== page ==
• Simone Barton

LOUDER WITH: Saint Agnes


Ahead of the release of their mini-album 'Vampire', we had a chat with Kitty A Austin (vocals/guitar) and Jon James Tufnell (guitar/vocals) of Saint Agnes. We discussed the inspiration of the album, the messages behind the tracks, and what it was like creating music during quarantine.


First off, can you tell us about 'Vampire', the premise behind it, and how it came to be?

Jon: Every release we do is a snapshot in time, a capture of who we are as a band and as artists in that situation. We didn’t want to sit around and wait for things to go back to normal before releasing more music, we wanted to make music and to do that we embraced the weird situation that lockdown presented. Rather than writing in rehearsals or on tour and trying songs out in front of an audience we had to write at home and send riffs back and forth by e-mail and the first time we played the songs together was in the studio, looking through sound proof glass at each other. We were fascinated when we started the process to see what we’d create as a result and we’re really proud of the record, we made something that’d never have existed had we not thrown ourselves into the challenge.


Kitty: We are primarily a live band and that big show energy is our life-blood, so musically we wanted to create something that we knew would work well onstage. Lyrically we built on what we have done before, create a larger than life universe for the songs to exist in and then tell personal stories or express personal feelings with these overblown dramatic stories.



As a mini-album, 'Vampire' experiments with different sounds. The single 'Vampire' has elements of 80s synth pop for example, so who/what have been the main musical influences for this album in particular?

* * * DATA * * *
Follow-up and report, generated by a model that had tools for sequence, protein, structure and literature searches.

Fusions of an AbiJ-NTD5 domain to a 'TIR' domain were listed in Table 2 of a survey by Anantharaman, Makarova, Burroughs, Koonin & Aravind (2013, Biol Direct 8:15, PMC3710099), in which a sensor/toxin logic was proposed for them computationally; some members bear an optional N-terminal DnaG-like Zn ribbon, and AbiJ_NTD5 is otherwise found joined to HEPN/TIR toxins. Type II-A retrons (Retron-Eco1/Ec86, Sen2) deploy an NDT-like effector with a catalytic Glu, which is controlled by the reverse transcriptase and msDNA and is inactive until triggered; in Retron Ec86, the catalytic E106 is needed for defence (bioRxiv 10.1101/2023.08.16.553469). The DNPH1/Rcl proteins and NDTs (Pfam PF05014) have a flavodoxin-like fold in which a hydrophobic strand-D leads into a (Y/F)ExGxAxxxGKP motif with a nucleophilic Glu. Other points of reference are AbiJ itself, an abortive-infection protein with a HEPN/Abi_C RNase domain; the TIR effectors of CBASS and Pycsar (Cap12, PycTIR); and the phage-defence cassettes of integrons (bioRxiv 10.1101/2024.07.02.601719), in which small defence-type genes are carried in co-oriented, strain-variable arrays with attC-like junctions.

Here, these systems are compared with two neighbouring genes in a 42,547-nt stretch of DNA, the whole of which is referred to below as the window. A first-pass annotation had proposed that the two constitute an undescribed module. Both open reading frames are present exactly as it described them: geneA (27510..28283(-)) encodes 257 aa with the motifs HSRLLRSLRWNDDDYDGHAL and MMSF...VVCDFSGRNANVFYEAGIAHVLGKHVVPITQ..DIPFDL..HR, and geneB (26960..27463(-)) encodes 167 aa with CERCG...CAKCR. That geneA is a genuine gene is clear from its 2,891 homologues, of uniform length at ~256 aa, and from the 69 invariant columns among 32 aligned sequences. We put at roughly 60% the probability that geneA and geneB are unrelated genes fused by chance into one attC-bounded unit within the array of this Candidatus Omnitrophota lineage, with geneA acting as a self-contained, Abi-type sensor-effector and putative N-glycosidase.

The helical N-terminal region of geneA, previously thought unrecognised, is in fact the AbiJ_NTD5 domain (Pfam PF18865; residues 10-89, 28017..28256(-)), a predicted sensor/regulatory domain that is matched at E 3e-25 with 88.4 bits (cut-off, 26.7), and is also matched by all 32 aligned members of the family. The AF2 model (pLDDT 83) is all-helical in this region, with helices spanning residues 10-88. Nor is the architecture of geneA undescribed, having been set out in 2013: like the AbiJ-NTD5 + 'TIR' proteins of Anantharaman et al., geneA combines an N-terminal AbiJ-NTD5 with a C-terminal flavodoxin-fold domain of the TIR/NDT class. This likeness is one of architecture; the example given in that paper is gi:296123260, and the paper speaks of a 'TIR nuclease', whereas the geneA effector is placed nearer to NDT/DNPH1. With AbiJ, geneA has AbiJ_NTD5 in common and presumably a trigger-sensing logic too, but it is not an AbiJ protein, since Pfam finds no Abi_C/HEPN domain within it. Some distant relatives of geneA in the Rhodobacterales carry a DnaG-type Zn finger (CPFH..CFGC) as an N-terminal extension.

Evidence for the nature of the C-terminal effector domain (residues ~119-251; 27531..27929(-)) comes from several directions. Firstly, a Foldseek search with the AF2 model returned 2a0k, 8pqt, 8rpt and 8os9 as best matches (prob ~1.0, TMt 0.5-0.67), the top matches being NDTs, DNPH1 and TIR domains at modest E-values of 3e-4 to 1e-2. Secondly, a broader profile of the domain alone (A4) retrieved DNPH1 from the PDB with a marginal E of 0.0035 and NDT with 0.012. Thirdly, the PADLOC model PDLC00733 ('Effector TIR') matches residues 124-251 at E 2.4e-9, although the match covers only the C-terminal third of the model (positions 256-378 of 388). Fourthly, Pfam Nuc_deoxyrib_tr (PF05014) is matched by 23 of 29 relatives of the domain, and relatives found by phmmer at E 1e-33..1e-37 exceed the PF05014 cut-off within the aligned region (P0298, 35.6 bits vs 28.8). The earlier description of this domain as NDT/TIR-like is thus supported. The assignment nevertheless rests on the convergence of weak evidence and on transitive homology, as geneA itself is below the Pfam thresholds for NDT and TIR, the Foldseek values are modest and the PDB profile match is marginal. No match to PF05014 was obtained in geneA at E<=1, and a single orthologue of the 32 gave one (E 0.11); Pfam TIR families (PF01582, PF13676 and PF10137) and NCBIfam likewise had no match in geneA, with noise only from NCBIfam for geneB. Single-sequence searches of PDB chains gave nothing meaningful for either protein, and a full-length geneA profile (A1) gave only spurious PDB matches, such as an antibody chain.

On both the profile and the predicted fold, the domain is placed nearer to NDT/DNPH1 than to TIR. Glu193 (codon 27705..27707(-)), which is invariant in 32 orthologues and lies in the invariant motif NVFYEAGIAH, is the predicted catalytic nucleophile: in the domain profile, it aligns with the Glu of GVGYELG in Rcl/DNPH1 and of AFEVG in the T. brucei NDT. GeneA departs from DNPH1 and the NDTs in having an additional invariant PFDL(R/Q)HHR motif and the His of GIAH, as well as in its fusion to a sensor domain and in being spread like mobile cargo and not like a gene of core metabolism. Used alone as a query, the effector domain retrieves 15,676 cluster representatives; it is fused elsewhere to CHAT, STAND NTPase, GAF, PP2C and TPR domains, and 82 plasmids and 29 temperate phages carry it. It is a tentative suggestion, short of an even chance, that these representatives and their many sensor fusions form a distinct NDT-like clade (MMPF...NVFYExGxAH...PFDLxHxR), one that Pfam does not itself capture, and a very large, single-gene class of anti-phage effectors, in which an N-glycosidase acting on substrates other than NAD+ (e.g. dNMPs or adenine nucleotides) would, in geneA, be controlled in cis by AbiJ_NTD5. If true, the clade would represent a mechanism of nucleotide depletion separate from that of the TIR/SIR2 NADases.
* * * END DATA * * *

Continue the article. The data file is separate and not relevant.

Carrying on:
Jon: I can assure you there’s no synths on the song! Everything we do is just guitar, bass and the same tools we have used on every release. What people are hearing as synths is just a lot of distortion!


Kitty had a lyrical idea about social media, how it makes blood sucking monsters of us all. How the last year has seen people needing to live increasingly online and view the world through the filter of social media. Social media is essentially about exploiting two things, insecurity and narcissism. It encourages people to curate themselves like a personal brand and this is both a trap for the creator and with the idealistic images it creates, it is a gut punch to people seeing it and feeling insecure. Baby’s birthdays, family bereavements, marriage proposals are all used to gain some meaningless online kudos and by doing that it sucks the life, the meaning out of all those events.


Kitty: The lyric is about the ugliness hidden beneath the seductive, brighter than life charm of it all. We envisaged the undead, a vampire just taking and taking for eternity. And musically rather than make really ugly music we thought it’d be more subversive, more poignant to create something that had a superficial sheen, that had the equivalent of an audio instagram filter on it to gain entry to the party and then start wrecking the place. It felt more trouble making and rebellious to do that and we are nothing if not hell bent on being a spanner in the works!



The lockdowns have really affected your creative work, such as The Quarantine Diaries. How have they shaped the mini-album and how you approached making it?